Tesla shareholder’s legal team adjusts demand to $1.44 billion in fees for Musk pay case

Credit: Tesla China

The legal team of Tesla shareholder Richard Tornetta, who filed a legal complaint against Elon Musk’s 2018 CEO Performance Award, has adjusted their plaintiff fee request to the Delaware Court. Tornetta’s legal team noted that they could adjust their proposed fee to just $73,948 per hour, which would amount to a cash award of roughly $1.44 billion.

The Tornetta vs. Musk case became a notable issue for the electric vehicle maker back in January when Judge Kathaleen McCormick of the Delaware Court of Chancery rescinded Musk’s 2018 CEO Performance Award. For their work in the case, Tornetta’s legal team argued that they should be granted 29.4 million TSLA shares. Such an amount would be worth over $5 billion, or more than $200,000 per hour. 

Tesla has argued against Tornetta’s legal team’s arguments. As noted in a Reuters report, the electric vehicle maker argued that the legal team of the Tesla shareholder — who held nine shares when he filed his complaint against Musk’s 2018 pay package — should be paid just about $13.6 million for their work. Longtime Tesla retail shareholder Amy Steffens has also secured legal counsel to challenge the $200,000 per hour fee request of Tornetta’s attorneys

In their recent filing, Tornetta’s legal team proposed an alternative way of looking at the fees for their work in the case. While the legal team rejected Tesla’s $13.6 million legal fee argument, and while the attorneys still argued that the court should strongly consider granting them over 29 million TSLA shares as payment, they noted that the Court could go for a cash-based alternative structure instead. Such a system would lower their hourly rate to $73,948, and would result in a payment of around $1.44 billion. 

Following are sections of the filing from Tornetta’s lawyers.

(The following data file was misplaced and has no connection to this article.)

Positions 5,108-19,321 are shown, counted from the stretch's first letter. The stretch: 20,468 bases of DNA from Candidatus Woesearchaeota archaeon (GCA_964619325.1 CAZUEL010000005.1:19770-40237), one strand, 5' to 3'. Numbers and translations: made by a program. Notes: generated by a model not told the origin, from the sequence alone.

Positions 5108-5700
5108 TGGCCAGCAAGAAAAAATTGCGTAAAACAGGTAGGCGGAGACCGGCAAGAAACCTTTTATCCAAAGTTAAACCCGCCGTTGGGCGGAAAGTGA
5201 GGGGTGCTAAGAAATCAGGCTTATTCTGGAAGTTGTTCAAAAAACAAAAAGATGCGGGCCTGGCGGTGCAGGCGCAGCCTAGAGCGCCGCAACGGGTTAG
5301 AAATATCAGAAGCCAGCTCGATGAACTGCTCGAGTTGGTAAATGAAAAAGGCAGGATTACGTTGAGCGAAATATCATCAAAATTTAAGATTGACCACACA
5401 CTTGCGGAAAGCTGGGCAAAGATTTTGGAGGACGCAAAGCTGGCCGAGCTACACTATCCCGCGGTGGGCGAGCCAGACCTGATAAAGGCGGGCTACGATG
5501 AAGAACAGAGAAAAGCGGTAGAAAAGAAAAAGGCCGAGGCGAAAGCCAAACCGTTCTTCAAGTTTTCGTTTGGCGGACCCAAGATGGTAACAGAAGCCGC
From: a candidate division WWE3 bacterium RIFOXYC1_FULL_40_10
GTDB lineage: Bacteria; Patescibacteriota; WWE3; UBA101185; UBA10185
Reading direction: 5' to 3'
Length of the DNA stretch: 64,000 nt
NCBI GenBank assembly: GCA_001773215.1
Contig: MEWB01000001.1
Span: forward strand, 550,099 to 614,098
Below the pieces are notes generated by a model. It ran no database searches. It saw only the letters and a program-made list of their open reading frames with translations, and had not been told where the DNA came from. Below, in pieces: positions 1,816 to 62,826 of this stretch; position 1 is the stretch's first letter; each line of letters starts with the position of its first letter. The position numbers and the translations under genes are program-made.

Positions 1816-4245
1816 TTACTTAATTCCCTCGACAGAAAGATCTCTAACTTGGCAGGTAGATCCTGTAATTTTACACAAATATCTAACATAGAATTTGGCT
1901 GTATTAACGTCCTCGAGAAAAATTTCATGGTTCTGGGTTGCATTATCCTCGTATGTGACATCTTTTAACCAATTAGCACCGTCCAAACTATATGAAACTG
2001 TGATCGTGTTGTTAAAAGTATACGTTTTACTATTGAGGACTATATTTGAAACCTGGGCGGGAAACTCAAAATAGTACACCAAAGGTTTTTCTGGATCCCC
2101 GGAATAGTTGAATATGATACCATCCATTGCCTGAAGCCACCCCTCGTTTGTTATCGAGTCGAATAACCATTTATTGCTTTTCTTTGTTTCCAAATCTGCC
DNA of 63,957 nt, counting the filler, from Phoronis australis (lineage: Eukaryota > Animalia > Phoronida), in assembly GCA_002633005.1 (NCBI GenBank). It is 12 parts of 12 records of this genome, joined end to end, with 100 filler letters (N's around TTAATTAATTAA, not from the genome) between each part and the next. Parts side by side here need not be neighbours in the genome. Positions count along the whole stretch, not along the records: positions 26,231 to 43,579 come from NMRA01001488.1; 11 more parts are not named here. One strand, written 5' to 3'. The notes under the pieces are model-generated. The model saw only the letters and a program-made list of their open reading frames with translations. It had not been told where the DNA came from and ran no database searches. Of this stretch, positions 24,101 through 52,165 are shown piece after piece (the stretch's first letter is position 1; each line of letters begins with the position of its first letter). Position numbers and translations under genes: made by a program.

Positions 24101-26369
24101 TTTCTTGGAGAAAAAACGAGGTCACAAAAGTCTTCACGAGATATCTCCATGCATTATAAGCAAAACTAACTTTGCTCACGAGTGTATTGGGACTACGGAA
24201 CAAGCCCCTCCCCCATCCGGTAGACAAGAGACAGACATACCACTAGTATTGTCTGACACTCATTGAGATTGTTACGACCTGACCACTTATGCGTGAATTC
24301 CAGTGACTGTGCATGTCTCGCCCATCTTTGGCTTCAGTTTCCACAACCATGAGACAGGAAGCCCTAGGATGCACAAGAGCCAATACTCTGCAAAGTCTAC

“While Plaintiff’s Counsel sincerely believe the award sought is appropriate, earned, and indeed conservative under Delaware law—the Action did, after all, rescind an ‘unfathomable’ $55B compensation package, the largest in history by multiples—Plaintiff’s Counsel acknowledge the requested award, if granted, would be record-setting and the subject of significant commentary. Were the Court concerned by the requested award’s size and desirous of a different approach, there are other alternatives available that address the expressed concerns about “windfalls.”

“Specifically, $35,000/hour cannot be a ‘windfall’ because that hourly rate was awarded by this Court and affirmed by the Supreme Court over a decade ago in Southern Peru. Adjusted to today’s dollars, a $35,000 hourly rate would be over $55,600/hour. It follows, a fortiori, that for a substantial verdict on the order of Southern Peru, an award of at least $55,600/hour is not a ‘windfall.’ 

“Indeed, even Tesla argues that this Action created compensable value equal to its calculation of the Grant’s $2.3B GDFV. But even using this low-end value estimate, the benefit Plaintiff achieved here was significantly higher than the $1.347B (pre-interest) Southern Peru benefit. Thus, a low-end cash award of roughly $1.0842B could be fashioned based solely on the affirmed, inflation-adjusted Southern Peru numbers.

“But any such award would be unfairly low for two reasons. First, as noted in Plaintiff’s Opening Brief, this Court in Southern Peru—after admonishing plaintiff’s counsel to seek a conservative fee given ‘the reality [that] their own delays affected the remedy awarded’—further reduced that request by one-third as a penalty for counsel taking so long to prosecute the case that rescission was impossible. Second, the ~$51B benefit achieved here is approximately 38x higher than the benefit achieved in Southern Peru

“Adjusting for the one-third penalty assessed in Southern Peru—which was applied to an already conservative 22.5% request by that plaintiff—brings the inflation-adjusted lodestar to $73,948/hour, which yields a fee of approximately $1.44B. Adjusting further to reflect the much higher result here is a matter of the Court’s discretion Plaintiff’s Counsel would submit that exercising the Court’s discretion to award a cash fee of roughly twice the inflation-adjusted Southern Peru hourly rate after reversing for the discount appropriately reflects the substantially greater benefit achieved here,” Tornetta’s lawyers wrote. 

The fling from Tornetta’s lawyers can be viewed below (via Plainsite). 

gov.uscourts.delch.2018-0408-KSJM.387.0 by Simon Alvarez on Scribd

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Simon Alvarez: Simon is a reporter with a passion for electric cars and clean energy. Fascinated by the world envisioned by Elon Musk, he hopes to make it to Mars (at least as a tourist) someday.
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